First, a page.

Report urges reduced usury rate for payday loans
Dayton Daily News - October 15, 2008
Dayton Daily News
COLUMBUS — The cost of payday loans is harmful to low- and middle-income working families, according to a new report from Policy Matters Ohio, a nonpartisan research organization.
Credit counselors surveyed about payday loans — borrowed by consumers as a short-term effort to pay debts — said they are concerned about the high interest rate on such loans and the number of clients who have several loans outstanding at the same time, Policy Matters Ohio said Wednesday, Oct. 15.
On average, those clients have payday loan debts of $1,000, the credit counselors said. Payday loan debt hinders a consumer’s ability to pay household expenses including housing and transportation costs, the counselors said.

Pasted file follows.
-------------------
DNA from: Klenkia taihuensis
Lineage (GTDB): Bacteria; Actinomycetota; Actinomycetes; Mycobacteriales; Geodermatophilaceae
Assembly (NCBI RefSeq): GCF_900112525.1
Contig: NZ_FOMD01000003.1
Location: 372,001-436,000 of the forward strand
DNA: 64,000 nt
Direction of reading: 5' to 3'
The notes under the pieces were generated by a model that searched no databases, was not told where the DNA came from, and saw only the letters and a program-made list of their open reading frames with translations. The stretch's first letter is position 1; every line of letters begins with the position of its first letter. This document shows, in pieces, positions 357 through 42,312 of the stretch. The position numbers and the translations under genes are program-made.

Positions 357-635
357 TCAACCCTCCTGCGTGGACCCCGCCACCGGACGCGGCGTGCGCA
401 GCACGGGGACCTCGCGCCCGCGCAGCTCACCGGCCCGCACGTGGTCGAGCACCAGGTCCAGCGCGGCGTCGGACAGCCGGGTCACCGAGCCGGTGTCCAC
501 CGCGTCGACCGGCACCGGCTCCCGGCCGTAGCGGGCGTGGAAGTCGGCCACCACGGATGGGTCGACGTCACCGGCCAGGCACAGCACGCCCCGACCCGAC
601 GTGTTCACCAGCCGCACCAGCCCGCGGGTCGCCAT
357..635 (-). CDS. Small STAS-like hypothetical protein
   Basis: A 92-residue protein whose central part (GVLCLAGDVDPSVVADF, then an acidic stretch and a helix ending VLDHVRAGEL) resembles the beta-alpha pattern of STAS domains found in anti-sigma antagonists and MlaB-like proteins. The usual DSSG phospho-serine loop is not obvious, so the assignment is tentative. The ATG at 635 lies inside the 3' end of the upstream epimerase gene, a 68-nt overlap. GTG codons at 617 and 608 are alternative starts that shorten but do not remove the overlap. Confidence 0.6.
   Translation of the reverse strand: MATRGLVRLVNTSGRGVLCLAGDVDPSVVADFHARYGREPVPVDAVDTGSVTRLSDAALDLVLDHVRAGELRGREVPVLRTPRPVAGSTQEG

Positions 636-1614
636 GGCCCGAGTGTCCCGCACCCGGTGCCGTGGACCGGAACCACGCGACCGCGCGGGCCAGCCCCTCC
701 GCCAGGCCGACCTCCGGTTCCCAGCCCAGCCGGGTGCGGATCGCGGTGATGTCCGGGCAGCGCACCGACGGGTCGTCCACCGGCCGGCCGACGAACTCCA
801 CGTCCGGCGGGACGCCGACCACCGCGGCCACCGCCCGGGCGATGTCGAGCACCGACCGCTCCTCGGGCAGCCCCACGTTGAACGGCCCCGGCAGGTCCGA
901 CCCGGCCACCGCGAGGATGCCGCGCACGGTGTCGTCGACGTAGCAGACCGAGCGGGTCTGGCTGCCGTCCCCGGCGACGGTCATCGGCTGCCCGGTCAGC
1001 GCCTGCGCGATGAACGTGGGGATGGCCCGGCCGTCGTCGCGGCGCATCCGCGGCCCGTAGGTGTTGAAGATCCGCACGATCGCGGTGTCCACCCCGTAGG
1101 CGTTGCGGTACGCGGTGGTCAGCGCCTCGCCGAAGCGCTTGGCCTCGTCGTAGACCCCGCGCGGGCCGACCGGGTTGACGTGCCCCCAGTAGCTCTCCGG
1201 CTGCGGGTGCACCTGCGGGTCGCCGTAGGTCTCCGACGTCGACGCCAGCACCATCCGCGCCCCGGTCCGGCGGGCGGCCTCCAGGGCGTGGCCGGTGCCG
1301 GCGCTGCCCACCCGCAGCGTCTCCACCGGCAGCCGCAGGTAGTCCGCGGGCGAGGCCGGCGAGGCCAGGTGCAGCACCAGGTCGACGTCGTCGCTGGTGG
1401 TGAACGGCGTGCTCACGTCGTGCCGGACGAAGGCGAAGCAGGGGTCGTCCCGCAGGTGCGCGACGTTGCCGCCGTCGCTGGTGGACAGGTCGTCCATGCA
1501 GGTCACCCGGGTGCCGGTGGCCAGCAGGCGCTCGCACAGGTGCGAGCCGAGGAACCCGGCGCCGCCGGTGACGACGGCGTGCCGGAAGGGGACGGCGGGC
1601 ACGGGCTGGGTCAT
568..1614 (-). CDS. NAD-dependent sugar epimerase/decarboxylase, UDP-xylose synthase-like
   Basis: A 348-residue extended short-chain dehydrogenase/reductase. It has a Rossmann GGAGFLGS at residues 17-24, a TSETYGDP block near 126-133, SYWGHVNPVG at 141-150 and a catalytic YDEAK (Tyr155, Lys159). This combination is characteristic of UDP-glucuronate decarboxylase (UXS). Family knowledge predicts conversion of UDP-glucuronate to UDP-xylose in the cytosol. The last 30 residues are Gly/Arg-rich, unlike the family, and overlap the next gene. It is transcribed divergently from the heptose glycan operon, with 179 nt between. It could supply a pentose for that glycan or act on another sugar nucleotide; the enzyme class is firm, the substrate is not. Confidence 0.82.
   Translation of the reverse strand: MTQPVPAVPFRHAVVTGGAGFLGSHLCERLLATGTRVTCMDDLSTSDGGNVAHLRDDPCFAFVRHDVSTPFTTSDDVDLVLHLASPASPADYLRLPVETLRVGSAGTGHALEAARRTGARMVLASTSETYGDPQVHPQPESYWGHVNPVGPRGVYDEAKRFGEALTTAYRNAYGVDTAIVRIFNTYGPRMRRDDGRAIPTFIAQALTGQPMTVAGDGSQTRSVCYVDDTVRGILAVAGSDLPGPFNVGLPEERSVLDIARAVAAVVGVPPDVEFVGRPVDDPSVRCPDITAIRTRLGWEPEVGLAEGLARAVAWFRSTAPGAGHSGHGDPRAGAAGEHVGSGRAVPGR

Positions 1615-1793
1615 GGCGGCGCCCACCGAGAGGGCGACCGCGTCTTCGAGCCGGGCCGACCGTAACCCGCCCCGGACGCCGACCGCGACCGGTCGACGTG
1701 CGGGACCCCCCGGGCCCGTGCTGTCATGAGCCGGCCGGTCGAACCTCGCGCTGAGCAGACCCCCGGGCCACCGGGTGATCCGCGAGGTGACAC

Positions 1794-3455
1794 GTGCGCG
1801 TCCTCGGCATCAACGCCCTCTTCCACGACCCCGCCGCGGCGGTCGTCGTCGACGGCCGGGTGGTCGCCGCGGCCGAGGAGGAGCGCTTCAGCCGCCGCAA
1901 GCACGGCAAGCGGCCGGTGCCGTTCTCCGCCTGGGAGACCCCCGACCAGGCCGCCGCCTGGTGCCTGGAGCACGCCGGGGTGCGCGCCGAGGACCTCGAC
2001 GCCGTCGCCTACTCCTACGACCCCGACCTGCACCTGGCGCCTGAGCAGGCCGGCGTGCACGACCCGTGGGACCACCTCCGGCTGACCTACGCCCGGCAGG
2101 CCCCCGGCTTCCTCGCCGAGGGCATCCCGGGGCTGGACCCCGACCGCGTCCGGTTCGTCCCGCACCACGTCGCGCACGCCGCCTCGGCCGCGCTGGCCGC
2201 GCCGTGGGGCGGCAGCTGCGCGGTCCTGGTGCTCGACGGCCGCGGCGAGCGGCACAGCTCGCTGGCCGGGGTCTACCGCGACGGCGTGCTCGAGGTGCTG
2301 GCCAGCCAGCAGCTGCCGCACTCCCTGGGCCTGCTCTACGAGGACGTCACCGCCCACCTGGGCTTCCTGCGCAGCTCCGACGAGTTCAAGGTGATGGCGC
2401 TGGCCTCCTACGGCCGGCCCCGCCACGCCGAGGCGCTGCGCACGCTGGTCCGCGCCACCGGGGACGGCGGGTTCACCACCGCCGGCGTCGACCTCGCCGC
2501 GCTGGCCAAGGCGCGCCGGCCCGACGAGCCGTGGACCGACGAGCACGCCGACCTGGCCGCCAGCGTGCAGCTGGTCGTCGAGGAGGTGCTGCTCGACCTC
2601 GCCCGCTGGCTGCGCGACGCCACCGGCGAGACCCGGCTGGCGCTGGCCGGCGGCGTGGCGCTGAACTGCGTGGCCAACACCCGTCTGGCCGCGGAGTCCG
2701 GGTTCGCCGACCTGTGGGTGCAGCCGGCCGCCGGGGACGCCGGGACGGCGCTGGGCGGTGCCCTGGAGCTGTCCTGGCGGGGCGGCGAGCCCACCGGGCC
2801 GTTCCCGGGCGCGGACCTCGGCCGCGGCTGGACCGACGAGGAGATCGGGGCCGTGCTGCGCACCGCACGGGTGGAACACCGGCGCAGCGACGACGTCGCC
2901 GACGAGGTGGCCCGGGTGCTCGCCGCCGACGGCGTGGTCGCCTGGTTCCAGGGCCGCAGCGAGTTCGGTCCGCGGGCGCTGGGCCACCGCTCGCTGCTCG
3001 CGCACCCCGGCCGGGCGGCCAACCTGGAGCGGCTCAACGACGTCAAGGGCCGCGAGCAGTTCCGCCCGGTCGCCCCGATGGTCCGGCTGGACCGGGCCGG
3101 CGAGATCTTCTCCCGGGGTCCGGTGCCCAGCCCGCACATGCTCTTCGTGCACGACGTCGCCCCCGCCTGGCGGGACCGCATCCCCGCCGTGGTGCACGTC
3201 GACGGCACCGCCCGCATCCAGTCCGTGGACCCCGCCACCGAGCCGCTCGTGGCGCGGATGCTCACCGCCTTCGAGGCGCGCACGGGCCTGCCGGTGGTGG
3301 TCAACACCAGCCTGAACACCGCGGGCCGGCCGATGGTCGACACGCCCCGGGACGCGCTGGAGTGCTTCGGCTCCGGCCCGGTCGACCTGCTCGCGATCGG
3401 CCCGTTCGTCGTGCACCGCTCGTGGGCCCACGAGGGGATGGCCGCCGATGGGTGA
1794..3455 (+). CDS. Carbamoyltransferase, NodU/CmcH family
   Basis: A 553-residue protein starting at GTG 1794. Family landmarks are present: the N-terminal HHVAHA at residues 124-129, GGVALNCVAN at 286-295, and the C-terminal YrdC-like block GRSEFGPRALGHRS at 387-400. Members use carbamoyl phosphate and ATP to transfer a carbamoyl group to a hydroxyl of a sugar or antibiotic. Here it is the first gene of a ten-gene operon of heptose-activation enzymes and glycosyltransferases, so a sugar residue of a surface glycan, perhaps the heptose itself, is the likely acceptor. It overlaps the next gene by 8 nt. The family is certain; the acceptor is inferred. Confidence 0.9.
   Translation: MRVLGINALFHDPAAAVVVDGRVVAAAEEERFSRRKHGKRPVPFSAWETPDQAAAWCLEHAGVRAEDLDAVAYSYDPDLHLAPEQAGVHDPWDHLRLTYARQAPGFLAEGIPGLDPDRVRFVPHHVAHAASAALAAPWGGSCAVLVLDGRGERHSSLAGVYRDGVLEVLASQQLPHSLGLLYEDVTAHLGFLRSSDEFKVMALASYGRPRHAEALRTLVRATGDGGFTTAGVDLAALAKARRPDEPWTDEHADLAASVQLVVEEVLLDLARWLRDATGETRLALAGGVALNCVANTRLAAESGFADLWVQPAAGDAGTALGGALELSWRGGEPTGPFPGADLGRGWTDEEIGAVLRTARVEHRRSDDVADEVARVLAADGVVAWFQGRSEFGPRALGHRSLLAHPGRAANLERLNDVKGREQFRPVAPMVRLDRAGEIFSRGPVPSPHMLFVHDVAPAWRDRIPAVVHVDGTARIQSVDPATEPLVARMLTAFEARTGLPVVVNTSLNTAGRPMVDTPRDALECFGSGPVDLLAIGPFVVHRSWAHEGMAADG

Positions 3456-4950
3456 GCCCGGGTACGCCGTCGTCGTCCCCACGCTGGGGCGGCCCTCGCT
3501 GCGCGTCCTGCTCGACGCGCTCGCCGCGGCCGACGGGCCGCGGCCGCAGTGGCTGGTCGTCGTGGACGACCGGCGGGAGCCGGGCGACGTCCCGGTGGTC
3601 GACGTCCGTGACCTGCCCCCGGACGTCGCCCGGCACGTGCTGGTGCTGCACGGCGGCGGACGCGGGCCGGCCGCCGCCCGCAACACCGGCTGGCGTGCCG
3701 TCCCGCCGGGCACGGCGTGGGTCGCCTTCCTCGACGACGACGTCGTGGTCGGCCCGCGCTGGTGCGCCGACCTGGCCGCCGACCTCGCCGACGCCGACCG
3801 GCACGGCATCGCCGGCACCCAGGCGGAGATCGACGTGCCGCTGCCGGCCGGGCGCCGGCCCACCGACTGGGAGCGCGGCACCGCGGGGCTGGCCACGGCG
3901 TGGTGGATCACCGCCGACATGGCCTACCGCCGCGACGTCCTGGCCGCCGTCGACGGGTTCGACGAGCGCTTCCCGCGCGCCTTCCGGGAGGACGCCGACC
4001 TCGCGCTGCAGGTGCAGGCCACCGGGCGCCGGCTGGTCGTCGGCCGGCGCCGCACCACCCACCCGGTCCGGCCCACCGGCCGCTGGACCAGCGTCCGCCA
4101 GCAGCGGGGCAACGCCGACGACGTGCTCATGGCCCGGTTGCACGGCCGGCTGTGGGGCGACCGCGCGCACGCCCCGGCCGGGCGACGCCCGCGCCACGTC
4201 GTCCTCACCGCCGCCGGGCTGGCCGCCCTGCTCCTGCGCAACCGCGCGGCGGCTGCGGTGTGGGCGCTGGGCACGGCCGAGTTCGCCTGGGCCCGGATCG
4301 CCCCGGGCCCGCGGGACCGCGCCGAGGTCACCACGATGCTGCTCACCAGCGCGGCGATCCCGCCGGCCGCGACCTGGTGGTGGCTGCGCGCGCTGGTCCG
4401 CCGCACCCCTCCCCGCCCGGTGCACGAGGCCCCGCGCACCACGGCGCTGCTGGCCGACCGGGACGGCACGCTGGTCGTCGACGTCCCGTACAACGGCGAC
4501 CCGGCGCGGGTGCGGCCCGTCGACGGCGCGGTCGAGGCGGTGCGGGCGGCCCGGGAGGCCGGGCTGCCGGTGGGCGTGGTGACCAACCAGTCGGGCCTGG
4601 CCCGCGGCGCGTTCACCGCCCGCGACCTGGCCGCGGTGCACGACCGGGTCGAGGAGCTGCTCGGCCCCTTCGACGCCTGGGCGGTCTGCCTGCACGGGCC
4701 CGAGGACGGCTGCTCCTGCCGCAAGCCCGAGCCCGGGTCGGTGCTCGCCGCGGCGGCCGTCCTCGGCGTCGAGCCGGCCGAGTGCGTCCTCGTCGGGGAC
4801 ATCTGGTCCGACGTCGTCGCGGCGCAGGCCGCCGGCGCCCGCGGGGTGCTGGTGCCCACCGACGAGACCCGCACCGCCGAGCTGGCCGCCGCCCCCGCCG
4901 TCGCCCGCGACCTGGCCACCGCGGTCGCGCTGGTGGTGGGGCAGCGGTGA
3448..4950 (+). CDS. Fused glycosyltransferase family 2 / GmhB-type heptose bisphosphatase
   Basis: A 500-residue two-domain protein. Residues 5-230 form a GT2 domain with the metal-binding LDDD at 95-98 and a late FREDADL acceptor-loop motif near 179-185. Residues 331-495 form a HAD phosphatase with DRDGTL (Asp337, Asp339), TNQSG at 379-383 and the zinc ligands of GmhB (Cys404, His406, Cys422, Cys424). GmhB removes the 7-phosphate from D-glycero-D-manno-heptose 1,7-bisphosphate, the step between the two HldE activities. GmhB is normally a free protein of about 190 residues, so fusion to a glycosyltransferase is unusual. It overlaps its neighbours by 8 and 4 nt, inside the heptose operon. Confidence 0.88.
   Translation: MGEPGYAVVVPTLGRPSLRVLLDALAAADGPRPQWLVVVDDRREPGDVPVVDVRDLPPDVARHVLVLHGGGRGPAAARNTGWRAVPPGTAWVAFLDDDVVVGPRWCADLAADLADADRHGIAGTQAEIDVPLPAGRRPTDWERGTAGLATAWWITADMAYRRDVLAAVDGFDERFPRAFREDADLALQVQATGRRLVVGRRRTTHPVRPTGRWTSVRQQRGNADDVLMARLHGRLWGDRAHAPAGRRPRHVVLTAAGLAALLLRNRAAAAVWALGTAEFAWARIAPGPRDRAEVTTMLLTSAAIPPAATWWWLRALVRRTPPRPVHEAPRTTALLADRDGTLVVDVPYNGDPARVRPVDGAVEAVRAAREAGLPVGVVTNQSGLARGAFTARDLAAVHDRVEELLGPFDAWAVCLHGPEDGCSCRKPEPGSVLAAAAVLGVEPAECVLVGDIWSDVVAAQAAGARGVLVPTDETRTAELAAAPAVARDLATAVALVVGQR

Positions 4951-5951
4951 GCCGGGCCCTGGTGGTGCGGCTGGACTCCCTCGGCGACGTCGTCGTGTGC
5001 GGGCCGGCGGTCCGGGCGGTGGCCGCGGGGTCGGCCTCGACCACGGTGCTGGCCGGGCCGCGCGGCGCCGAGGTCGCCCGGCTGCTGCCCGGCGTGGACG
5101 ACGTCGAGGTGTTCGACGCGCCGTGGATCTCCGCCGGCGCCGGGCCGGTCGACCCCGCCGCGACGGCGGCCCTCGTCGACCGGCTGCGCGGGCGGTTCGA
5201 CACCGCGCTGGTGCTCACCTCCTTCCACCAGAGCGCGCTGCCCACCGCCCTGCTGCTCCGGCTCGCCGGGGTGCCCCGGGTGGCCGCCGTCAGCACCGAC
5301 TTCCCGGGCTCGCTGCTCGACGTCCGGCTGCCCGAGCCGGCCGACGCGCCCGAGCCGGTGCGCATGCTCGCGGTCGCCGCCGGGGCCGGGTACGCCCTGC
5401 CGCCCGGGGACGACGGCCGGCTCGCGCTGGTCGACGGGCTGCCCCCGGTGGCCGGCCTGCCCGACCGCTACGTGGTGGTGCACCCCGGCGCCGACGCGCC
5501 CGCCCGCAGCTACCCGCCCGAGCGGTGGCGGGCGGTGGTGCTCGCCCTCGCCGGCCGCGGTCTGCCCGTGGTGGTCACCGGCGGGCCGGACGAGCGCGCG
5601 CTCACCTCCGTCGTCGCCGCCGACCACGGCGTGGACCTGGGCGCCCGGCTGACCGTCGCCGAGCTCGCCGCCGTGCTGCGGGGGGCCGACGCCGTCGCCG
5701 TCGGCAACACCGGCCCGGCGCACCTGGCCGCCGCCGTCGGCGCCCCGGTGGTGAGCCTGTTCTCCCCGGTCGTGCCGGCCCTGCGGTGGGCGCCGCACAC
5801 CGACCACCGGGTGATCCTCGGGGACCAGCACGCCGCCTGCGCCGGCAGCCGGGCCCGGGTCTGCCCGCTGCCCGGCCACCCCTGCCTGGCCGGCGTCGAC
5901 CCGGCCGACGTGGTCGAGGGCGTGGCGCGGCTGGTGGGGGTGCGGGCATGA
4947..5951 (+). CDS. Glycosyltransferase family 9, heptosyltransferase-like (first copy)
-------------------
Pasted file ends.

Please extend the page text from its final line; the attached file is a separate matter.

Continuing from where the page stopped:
Policy Matters Ohio said it surveyed 17 credit counselors who serve an area covering 28 of Ohio’s 88 counties.
The organization’s report recommends preservation of a bill the Ohio General Assembly enacted to cap the annual percentage rate of payday loans to 28 percent, down from prior annual rates of up to 391 percent.
The payday loan industry has submitted petitions in support of a ballot issue that would set aside that bill and allow the higher usury rates. The issue will be on the Nov. 4 ballot if Ohio determines there are enough valid petition signatures.
A “yes” vote on the ballot issue would limit lenders to the new 28 percent interest cap while a “no” vote would allow lenders to keep the 391 percent cap.